Skip to Content, Navigation, or Footer.

A pitch to God: Tyler Meyer's faith drives his success on the mound

The ASU sophomore pitcher has posted a 4.10 ERA with 29 strikeouts through five starts with the Sun Devils

GLB16454.jpg

Sophomore right-handed pitcher Tyler Meyer (13) pitched during a game against Oregon State on Sunday, March 20, 2022 at Phoenix Municipal Stadium. ASU won 3-1. 


ASU baseball sophomore Tyler Meyer may have established himself as one of the most lethal pitchers in the Pac-12, an achievement the pitcher credits to his Christian faith. 

"I attribute all my success to him (God) and how he takes care of me and his blessing in my life," Meyer said. "My relationship with Christ is huge."

Even though he grew up in a religious household and attended Big Valley Christian School from kindergarten through high school, Meyer said his life changed in middle school. He had teachers who mentored him through the Bible and helped him turn another page in his faith.

"It just flipped a switch for me at that point and I became my own, not my parents' or my family's," Meyer said. "At that point, I knew that's what I wanted to pursue."

Growing up in Riverbank, California, Meyer played multiple sports. In high school, he played soccer, basketball, football and baseball, but baseball was always his passion. 

Meyer became senior class president and valedictorian and was a two-time league MVP for his dominance on the mount and behind the plate. 

"Being excellent in every aspect of my life is so important, just doing my absolute best in everything I'm presented with," Meyer said. "I'm throwing away what I've been given if I'm not doing my best in everything."

Despite his athletic and academic achievements, Meyer did not get many looks from college teams that attracted him. He wanted to go to a place where he could play right away.

Meyer found a spot at California State University, Stanislaus where he pitched and played in the outfield. 

Meyer went 2-2 in six games for the Warriors in 2020 but did not play in 2021 after the season was canceled due to COVID-19. During that time, he focused on his pitching craft and joined the Duluth Huskies in Minnesota, part of the Northwoods League, a collegiate summer baseball team. 

"COVID helped me in a lot of ways," Meyer said. "I became the pitcher that I was capable of becoming."

Meyer received a call from head coach Willie Bloomquist over the summer, who asked him if he wanted to be a part of a new era of Sun Devil baseball. 

All Bloomquist saw was a video replay of Meyer's change-up and was sold on the pitcher's potential.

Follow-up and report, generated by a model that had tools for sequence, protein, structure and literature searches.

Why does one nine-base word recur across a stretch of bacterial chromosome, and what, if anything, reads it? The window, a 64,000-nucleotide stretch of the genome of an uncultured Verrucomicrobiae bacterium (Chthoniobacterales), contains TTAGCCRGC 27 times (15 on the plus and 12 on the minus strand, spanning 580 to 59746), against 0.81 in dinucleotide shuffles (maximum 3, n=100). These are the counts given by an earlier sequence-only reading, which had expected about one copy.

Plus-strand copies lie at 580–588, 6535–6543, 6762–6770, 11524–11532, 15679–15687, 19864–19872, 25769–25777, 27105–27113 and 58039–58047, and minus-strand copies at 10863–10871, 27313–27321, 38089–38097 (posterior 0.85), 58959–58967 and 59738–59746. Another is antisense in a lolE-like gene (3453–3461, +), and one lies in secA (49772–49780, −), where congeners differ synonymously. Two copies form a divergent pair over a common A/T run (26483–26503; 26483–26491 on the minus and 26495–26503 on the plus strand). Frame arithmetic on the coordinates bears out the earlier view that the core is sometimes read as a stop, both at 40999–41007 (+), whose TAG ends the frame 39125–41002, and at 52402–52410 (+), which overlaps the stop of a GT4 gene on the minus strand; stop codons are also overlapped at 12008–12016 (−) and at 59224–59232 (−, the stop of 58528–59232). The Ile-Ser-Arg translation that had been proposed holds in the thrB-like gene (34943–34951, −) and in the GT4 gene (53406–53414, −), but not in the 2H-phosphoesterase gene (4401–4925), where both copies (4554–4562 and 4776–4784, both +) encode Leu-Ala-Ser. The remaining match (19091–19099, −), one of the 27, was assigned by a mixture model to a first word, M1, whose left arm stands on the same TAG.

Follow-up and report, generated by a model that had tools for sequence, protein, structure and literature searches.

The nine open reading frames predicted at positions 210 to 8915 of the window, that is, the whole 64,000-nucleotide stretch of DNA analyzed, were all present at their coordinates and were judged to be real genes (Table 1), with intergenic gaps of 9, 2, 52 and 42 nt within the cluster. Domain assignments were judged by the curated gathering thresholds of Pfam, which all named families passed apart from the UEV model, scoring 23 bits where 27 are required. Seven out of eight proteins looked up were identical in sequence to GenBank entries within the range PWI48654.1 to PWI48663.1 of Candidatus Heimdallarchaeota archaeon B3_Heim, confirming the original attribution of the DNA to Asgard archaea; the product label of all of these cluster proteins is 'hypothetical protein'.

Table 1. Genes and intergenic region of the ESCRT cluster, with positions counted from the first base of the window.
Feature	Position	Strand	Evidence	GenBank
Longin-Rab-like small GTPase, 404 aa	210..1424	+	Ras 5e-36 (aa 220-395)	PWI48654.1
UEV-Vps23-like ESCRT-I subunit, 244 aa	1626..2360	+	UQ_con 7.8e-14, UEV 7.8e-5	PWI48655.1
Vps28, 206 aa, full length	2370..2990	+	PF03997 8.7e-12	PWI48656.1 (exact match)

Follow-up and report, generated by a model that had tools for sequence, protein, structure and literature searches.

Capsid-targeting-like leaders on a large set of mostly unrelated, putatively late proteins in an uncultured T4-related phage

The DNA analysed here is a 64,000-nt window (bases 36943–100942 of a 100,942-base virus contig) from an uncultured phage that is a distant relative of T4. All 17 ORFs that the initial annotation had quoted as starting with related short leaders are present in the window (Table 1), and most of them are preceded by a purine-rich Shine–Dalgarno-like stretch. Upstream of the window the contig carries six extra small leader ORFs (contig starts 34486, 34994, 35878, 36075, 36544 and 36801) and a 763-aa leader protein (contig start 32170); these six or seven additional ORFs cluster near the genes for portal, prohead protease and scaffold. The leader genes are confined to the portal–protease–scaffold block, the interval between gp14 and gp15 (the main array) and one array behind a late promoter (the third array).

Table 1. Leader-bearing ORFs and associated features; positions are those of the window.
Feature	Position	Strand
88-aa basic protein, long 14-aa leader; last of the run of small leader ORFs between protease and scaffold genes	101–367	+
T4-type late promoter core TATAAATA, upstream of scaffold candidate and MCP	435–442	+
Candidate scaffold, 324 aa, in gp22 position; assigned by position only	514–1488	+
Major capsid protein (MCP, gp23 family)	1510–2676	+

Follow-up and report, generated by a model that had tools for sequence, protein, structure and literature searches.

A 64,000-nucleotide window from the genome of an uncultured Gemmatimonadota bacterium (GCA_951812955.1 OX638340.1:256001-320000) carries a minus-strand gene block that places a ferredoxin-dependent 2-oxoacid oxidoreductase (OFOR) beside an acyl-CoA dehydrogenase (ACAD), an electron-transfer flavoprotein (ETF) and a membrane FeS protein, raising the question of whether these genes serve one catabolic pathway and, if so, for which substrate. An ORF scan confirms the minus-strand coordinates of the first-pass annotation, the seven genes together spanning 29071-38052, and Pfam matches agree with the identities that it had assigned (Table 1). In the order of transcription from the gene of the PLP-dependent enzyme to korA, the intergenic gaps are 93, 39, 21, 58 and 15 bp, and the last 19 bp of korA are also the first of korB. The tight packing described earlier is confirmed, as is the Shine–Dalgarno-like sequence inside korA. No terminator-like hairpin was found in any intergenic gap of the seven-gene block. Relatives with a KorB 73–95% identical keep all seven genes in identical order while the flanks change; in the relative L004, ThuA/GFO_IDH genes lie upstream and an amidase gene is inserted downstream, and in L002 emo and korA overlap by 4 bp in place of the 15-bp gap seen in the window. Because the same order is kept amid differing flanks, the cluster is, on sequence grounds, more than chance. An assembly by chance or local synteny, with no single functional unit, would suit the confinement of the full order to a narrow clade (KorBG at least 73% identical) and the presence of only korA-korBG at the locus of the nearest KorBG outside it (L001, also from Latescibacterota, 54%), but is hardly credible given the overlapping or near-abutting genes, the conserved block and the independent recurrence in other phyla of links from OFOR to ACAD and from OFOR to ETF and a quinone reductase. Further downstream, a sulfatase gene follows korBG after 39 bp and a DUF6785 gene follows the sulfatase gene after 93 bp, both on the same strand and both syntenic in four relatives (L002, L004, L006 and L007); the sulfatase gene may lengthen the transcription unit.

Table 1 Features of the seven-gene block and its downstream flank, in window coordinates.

"Not a lot of guys have a refined change-up like he does," Bloomquist said. 

But even Bloomquist didn't expect this type of hot start from Meyer. 

"To have this success that he's had, I was hoping for that, but to be as good as he's been? I wasn't anticipating him to be this good," Bloomquist said. 

Meyer's hot start as a Sun Devil has made him one of the most lethal pitchers in Pac-12 after holding No. 6 Oregon State to one run and four hits in seven innings while striking out nine Beavers. 

So far, Meyer has posted a 4.10 ERA with 29 strikeouts through five starts. Allowing six runs through two innings versus San Francisco inflated his ERA, however, pitching coach Sam Peraza took the blame for overusing his starter. 

In his four other starts, including No. 9 Oklahoma State, Meyer has a 2.12 ERA, allowing only five runs through 21.2 innings. 

After ASU, Meyer hopes to pitch at the next level. Peraza said Meyer could be ASU's ace next year and will get his chance in the MLB. 

"If he's able to solidify himself as a starter and a Friday guy at ASU, the sky's the limit for him," Peraza said. "He'll get an opportunity to pitch at the next level. 100%."

And if Meyer continues on this path, he'll no doubt get there. But no matter what happens, his faith won't falter. 

"Apart from baseball, apart from academics, that's what gets me through the days. Just the fact that he's there and I know that he loves me and cares for me like no one on this Earth does, there's really no greater comfort," Meyer said. 


Reach the reporter at dstipano@asu.edu  and follow @dstipanovichh on Twitter.

Like The State Press on Facebook and follow @statepress on Twitter.


Continue supporting student journalism and donate to The State Press today.

Subscribe to Pressing Matters



×

Notice

This website uses cookies to make your expierence better and easier. By using this website you consent to our use of cookies. For more information, please see our Cookie Policy.